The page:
Stage two (text):

After the reports have been completed, the writing consultant will either read or have the author read the essay (often this is done out loud). The consultant may stop when they want to discuss some aspect of the writing.  The writing consultant will take notes, and afterward, discuss the relevant issues she or he has identified.  During this discussion, the consultant will coach the author, providing explanations and suggestions that will help the author revise.   It is helpful for the author to bring two typed copies of his work.  This “pens off” approach is essential because the author must own the text, completing his or her own work.  If the consultants edit the text, the author will not learn from the experience and will no longer be the “author” of their own work.  We encourage the author to write the paper he has started and not have the consultant write the paper they have in mind. At this stage, the consultants may show the author where to find answers to questions regarding grammar, punctuation and documentation in handbooks located on the bookshelves and on-line.  For students with special needs and disabilities, the Writing Center has software that will help authors to create and visualize webs as well as create outlines-INSPIRATION, write essays by speaking into a microphone- Dragon Natural Speaking and read the author’s writing to them- READ TO ME.

Stage three (post-text):

Writing consultants will articulate specific actions authors can take to improve their essays and their writing practices in general.  Central to this stage is summarizing what has been covered and what the author should do next.  This approach encourages the author to continue drafting or revising by providing a clear set of goals the author can pursue.  Once these suggestions have been addressed, the author is encouraged to return to the Center for additional help.
After providing explicit goals for the author, the consultant will complete the “Course Work Completed Report” which will be kept on file and entered into a database.  The information in this database is later used to complete the Writing Center Activity Report.

If a student is unclear about what constitutes their assignment, or if the consultant believes that further guidance from the Professor would be helpful in giving the author our best effort, the consultant will notify the Professor of the student’s attendance at the Center.  On this notification sheet, the consultant explains the session with the student and asks the Professor to explain what they would like to see the student achieve in their next visit to the Writing Center.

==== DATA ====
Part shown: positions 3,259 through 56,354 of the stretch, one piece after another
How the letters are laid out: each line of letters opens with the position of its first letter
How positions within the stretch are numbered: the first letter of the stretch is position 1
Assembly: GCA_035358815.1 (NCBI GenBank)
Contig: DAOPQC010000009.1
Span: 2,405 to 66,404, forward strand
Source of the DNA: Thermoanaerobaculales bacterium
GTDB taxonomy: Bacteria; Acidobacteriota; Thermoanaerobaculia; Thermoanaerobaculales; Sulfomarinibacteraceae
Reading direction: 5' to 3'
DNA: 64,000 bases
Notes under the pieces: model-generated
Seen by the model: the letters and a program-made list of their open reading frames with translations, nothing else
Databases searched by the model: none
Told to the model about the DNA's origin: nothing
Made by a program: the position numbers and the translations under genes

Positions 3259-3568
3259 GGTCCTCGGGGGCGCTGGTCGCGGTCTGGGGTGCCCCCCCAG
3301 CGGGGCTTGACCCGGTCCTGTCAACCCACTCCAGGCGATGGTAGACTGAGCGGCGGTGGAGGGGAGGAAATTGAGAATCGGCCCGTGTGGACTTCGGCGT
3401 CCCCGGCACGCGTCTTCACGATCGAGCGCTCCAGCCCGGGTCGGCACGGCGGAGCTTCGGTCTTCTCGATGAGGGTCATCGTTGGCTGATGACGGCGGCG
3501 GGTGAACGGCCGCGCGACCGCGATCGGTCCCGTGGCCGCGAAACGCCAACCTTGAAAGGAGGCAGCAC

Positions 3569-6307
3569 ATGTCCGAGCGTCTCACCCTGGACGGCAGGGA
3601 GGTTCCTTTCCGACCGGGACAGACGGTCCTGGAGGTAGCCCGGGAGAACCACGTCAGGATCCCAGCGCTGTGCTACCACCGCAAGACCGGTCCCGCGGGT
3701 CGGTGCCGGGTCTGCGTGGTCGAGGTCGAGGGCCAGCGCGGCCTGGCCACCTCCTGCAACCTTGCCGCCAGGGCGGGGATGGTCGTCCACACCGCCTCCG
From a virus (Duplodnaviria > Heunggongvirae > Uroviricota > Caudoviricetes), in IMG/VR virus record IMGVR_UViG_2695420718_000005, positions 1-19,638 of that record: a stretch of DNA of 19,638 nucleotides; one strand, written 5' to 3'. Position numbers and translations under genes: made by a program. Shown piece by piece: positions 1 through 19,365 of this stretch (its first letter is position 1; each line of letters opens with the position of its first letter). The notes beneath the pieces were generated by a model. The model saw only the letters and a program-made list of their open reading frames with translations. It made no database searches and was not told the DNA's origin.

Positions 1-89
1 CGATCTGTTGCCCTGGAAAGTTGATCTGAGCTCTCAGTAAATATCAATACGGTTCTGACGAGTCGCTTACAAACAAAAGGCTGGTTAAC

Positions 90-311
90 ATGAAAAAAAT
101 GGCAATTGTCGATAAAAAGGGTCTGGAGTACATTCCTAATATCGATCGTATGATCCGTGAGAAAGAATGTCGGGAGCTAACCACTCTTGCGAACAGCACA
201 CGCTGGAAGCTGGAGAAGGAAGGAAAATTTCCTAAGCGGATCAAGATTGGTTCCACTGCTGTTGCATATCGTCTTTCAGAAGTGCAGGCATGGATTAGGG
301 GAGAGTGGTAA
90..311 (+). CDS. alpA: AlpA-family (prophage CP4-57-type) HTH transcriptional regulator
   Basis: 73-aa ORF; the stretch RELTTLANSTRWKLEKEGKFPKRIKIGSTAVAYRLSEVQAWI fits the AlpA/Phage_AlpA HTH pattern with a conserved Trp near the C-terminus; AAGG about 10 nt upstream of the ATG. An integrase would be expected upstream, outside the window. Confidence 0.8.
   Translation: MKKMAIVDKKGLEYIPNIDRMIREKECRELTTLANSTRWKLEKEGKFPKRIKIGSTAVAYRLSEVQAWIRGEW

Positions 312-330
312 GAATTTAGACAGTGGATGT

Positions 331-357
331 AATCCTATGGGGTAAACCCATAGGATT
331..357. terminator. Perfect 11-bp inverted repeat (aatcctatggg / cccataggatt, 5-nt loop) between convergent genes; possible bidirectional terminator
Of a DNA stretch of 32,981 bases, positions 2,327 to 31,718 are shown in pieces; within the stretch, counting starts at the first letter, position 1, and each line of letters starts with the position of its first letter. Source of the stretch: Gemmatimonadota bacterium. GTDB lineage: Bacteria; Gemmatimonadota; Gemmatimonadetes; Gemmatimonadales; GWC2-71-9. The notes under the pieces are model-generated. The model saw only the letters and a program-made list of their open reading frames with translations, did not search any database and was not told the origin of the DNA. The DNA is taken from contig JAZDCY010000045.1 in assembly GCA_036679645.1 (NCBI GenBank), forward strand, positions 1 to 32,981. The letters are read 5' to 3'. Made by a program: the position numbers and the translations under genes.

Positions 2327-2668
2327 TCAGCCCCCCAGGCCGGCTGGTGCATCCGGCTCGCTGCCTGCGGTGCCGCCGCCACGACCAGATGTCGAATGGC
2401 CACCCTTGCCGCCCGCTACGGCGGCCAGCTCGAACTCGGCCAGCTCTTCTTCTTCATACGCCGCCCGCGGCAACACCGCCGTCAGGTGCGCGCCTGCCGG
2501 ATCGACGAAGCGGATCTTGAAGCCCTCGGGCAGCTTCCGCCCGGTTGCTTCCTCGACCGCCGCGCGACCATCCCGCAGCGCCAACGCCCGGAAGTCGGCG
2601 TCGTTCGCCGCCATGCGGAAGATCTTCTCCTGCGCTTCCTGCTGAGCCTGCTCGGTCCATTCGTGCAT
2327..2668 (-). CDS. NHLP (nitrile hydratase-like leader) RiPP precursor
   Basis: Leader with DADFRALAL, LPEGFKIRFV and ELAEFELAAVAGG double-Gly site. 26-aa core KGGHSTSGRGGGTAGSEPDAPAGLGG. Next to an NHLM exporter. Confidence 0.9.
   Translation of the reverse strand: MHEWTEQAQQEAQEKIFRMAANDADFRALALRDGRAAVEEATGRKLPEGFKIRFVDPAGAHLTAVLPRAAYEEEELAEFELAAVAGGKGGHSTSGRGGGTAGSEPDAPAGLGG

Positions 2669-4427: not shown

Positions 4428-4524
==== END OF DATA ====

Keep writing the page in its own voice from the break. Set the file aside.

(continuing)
If there is a need for further sessions, the consultant will set up an appointment using the appointment sheets that are in a container on the door of the Center.

Writing Center Recourses:

Dictionaries:

We keep several on hand in the Center.  They are useful for spelling and for clarifying meaning. 
Style Manuals:  We have the latest editions of the most popular style manuals including, Rules for Writers by Diana Hacker.

Handbooks:

The Writing Center staff has created handbooks on the following subjects:

  • Abstracts
  • Report writing
  • Job skills
  • How to write a lead
  • Parts of a memo
  • Medical writing
  • College admission information
  • Sample letter format
  • Writing across the curriculum
  • Using logic in writing: Logos, Ethos and Pathos
  • Fallacies
  • Rhetorical writing
  • Exposition
  • Introductions, body and conclusions of an essay
  • Paragraph writing
  • Grammar review
  • Sentence completeness and clarity
  • Outlines
  • Writing an essay
  • Active voice
  • Passive voice
  • Prepositions
  • Pronouns
  • Proofreading
  • Summaries
  • Thesis statements
  • Employment documents
  • Writing academic proposals
  • Searching the worldwide web
  • Book proposals
  • Literary terms
  • Rhetorical terms
  • Citation – MLA and APA
  • Research paper writing
  • Critical reading
  • Writing poetry

Ms. Barbara Pincus, Writing Center Director
Phone # 262-7753
E-mail Address: Barbara.pincus@maine.edu

Writing Center consultants' schedule for the current semester can be found on the bulletin board outside of the Center door at 214 Belfast Hall.

Internet Resources which would be useful links: